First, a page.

Florida prisoners work stoppage to demand better conditions on MLK Day

On a daily basis, the Florida Department of Corrections commits human rights violations against tens of thousands of people incarcerated in its 50 prisons. In one of the warmest states in the country, DOC seems to be boasting when it reports that most prisons are not air-conditioned. Prisoners are expected to work for free, whether it is working in the cafeteria, cleaning the prison, washing the guards’ cars, or building expansions to the prisons. Over 30 DOC facilities are actually called “work camps.” Failure to report to work can result in weeks in a confinement cell.

The prison industrial complex is literally written into the laws of Florida. In 1981, the state legislature founded P.R.I.D.E. Enterprises, which is a private non-profit organization that has a monopoly on inmate labor in Florida. Inmates with good institutional disciplinary histories are eligible to work for P.R.I.D.E. Enterprises where they are paid less than $1.00/hour to produce a tremendous variety of products for the government, such as furniture and office supplies for government offices, uniforms for inmates and police departments, license plates, and lumber. Reminiscent of plantation slavery, inmates also work in sugarcane and citrus fields. This is all perfectly legal in capitalist America, because the Thirteenth Amendment to the U.S. Constitution exempts penal labor from its prohibition against forced labor.

Being assigned to work for P.R.I.D.E. is coveted by inmates, and understandably so. The food and staples that DOC provides being insufficient, prisoners have to rely on purchasing supplemental nutrition and basic supplies from the “canteen” where prices are extortionate. Prisoners report that a case of soup that normally costs $4 is priced at $17 in DOC’s canteen. This is the absurdity and cruelty of being imprisoned in a capitalist society in which the richest 400 people in the country have more wealth than the poorest 50 percent of U.S. families combined. Prisoners are exploited for their slave labor while being subjected to price-gouging for basic human needs. It incentivizes mass incarceration–the most insidious form of state-sponsored brutality in the world–in which Black people are five times as likely to be in prison than a white person.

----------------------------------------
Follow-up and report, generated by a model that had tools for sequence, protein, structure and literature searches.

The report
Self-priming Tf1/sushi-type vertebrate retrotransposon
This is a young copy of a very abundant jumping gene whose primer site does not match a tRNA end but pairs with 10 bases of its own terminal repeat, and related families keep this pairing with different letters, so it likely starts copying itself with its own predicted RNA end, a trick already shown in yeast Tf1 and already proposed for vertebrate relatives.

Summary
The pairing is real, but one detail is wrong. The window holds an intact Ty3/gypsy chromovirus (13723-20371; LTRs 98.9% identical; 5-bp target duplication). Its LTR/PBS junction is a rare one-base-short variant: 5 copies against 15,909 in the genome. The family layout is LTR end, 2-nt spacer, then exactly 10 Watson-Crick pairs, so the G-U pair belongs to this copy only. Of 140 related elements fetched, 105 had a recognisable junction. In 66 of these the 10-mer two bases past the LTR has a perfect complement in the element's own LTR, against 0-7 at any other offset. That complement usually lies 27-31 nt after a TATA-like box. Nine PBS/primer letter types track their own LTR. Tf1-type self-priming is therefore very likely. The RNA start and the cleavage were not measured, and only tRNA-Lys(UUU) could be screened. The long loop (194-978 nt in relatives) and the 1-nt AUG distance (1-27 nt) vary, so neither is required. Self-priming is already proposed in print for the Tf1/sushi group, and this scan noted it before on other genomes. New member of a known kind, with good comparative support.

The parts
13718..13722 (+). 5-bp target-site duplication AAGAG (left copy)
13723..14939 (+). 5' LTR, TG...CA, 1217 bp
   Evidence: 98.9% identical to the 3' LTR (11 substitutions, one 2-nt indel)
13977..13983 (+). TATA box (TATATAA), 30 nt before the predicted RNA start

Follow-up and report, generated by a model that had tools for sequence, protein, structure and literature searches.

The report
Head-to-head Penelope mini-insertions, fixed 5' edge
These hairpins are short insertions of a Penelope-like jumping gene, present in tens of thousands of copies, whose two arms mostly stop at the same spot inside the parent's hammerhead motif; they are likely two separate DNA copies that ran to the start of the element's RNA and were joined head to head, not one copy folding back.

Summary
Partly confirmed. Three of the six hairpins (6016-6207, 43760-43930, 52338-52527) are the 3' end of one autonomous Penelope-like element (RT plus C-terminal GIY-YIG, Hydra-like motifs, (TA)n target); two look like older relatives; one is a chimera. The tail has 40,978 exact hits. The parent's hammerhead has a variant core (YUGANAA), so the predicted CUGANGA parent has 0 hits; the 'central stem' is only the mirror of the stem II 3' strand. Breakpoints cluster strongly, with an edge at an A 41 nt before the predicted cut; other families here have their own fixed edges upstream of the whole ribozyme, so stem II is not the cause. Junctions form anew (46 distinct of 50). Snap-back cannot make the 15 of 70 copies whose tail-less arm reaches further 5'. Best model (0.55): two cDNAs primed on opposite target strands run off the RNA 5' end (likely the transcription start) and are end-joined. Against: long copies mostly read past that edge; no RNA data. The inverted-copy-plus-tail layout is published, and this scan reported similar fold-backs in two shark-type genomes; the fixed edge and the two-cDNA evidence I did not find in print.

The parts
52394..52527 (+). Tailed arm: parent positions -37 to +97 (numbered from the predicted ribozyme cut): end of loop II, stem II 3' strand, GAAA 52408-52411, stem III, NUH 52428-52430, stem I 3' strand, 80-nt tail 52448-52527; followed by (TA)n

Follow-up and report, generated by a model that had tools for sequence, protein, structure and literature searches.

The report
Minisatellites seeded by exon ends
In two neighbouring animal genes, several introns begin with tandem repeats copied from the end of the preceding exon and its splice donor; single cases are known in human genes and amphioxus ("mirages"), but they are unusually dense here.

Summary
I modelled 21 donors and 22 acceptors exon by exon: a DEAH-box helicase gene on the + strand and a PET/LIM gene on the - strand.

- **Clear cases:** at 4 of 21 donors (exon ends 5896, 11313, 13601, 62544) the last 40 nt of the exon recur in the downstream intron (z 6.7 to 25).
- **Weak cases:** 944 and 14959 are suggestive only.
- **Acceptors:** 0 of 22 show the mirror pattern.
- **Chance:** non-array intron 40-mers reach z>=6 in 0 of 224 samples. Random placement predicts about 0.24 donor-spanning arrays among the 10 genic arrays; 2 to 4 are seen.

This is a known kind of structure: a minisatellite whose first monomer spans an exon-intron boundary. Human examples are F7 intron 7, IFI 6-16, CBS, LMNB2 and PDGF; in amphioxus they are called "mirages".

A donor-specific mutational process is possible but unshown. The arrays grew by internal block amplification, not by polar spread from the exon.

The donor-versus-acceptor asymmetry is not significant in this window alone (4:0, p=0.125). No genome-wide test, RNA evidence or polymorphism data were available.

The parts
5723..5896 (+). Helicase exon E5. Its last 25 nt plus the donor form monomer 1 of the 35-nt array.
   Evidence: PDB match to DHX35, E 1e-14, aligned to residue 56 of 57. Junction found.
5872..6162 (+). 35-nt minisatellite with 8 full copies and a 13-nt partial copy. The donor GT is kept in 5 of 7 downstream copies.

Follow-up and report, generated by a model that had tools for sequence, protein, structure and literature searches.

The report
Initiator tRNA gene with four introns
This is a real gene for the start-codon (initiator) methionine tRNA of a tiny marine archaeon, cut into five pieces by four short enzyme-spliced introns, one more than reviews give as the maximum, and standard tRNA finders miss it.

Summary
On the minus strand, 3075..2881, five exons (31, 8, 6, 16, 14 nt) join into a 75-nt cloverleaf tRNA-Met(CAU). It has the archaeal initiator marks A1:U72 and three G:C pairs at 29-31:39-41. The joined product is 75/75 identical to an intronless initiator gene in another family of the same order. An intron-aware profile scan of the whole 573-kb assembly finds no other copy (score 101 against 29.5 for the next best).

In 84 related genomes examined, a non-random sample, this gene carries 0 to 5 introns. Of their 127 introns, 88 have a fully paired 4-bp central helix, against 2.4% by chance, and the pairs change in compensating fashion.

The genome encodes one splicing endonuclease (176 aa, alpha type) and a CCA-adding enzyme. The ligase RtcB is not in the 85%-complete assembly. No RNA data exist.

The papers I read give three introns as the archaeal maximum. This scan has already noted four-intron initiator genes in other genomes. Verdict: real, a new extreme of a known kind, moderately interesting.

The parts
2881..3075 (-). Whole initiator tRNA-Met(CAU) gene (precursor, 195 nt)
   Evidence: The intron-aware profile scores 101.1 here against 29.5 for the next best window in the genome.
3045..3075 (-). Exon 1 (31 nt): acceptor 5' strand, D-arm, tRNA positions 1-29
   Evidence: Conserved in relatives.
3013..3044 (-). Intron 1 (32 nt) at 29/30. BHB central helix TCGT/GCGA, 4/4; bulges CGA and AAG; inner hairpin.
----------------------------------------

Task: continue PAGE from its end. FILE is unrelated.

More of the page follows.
The U.S. prison system must be completely dismantled and that in its place a humane system must be employed. Besides drastically reducing the number of prisoners, those who are in prison should be humanely treated, with right to real rehabilitation, education, in-person visitation, and to a decent wage for their job assignments so that they can save for a future and help their families.

Those seeking to improve prison conditions do not minimize or ignore the suffering of victims of violent crimes. Accountability for harming others must be addressed, and victims need resources to heal. The current penal system does not do that. Victims and the community at-large would benefit from smashing the current system and building of a humane and evidence-based justice system. For instance, the restorative justice model–an approach to criminal justice that involves victim and community participation and focuses on why a crime was committed–has been proven to better address the needs of victims and lower rates of reoffending. However, it is rarely implemented in the current criminal “justice” system because this approach to crime is not profitable.

As a revolutionary movement that is capable of smashing the system continues to grow, true revolutionaries also believe it is important to participate in present struggles for reforms, which could improve the lives of millions of people currently incarcerated in the United States. All progressive and revolutionary people should stand in solidarity with the brave Florida inmates participating in Operation PUSH beginning on Martin Luther King, Jr. Day of 2018. Inmates are demanding reasonable reforms that are possible even under capitalism, including payment for labor, reducing canteen prices, and reinstituting parole, which was effectively abolished in Florida in 1983. Support their decision to begin a work stoppage to make DOC feel the effects of being deprived of inmate labor.

Mass incarceration in the United States is the product of modern capitalism, which utilizes prisons to incarcerate and commoditize the people it has rendered jobless and unproductive. Instead of fostering the potential of every human being with healthcare, housing, education, culture and meaningful employment or income, capitalism is driving millions of people, especially young people of color, into permanent destitution.

It does not have to be this way forever. We stand in solidarity with our brothers and sisters behind bars. We on the outside will continue to fight for a complete overhaul of the system for one that prioritizes human rights, rehabilitation and recovery for both offender and victim.

Related Articles

Back to top button